We are training the Iraqi security forces with our military staff and with a European civilian mission – so that the people of Iraq can rely on professional policemen to guarantee their security, in the full respect of their fundamental rights. And I am particularly proud to say that in Iraq for the first time, our security work also focuses on protection of cultural heritage.
Supporting these urgent needs is a moral duty, but it is also a way to keep hope alive. Hope that a better future is not just possible, but is already happening.
In the last three years, the European Union and its Member States have invested three-and-a-half billions euros in support of the people of Iraq. Today, as the EU, we are finalising our internal procedures to invest an additional 400 million euros in humanitarian, development and stabilisation actions. This comes from the European institution’s budget, that means on top of individual contributions from our Member States.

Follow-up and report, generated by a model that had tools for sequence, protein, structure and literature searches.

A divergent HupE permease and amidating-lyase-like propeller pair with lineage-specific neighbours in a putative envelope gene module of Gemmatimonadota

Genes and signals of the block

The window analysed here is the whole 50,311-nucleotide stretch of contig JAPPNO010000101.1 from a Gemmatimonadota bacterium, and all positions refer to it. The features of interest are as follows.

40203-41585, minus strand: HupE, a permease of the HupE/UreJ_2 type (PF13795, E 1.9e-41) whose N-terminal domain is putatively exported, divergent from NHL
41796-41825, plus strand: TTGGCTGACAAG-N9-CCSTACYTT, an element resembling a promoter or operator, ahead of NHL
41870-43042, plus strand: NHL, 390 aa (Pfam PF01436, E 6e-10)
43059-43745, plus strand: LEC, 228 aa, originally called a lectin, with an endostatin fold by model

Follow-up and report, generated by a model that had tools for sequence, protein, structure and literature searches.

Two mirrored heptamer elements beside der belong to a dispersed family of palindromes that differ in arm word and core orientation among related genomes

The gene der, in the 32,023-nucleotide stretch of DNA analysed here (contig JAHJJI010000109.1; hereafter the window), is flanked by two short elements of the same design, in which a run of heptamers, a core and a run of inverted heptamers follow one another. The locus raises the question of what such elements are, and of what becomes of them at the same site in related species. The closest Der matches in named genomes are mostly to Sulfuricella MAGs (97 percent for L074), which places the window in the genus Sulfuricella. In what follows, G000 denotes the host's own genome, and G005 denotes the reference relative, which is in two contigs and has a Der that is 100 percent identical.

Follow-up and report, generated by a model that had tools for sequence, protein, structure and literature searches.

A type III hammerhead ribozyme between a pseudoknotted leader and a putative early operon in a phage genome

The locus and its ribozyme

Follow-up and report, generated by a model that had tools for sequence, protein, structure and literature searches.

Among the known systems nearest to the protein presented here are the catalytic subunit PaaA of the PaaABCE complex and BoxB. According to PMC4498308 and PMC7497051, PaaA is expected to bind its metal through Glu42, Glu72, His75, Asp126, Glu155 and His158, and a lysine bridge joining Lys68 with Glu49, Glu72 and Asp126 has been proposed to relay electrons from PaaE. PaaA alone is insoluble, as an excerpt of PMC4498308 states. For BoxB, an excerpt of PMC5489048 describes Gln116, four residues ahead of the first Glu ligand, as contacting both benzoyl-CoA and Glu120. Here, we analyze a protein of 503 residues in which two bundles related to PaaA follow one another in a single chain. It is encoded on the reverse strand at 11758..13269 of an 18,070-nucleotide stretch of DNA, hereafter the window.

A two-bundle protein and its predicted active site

This is also to support the goal we have set with our new Strategy for Iraq, to complete stabilisation and begin the reconstruction of the country.
The Iraqi government has made very clear what kind of reconstruction the country needs. The physical reconstruction of Iraq will clearly require a great collective effort, a lot of resources and private investment. But reconstruction is not just about buildings, roads and rails. We also need and want to help Iraq rebuild its education system, its institutions and its society.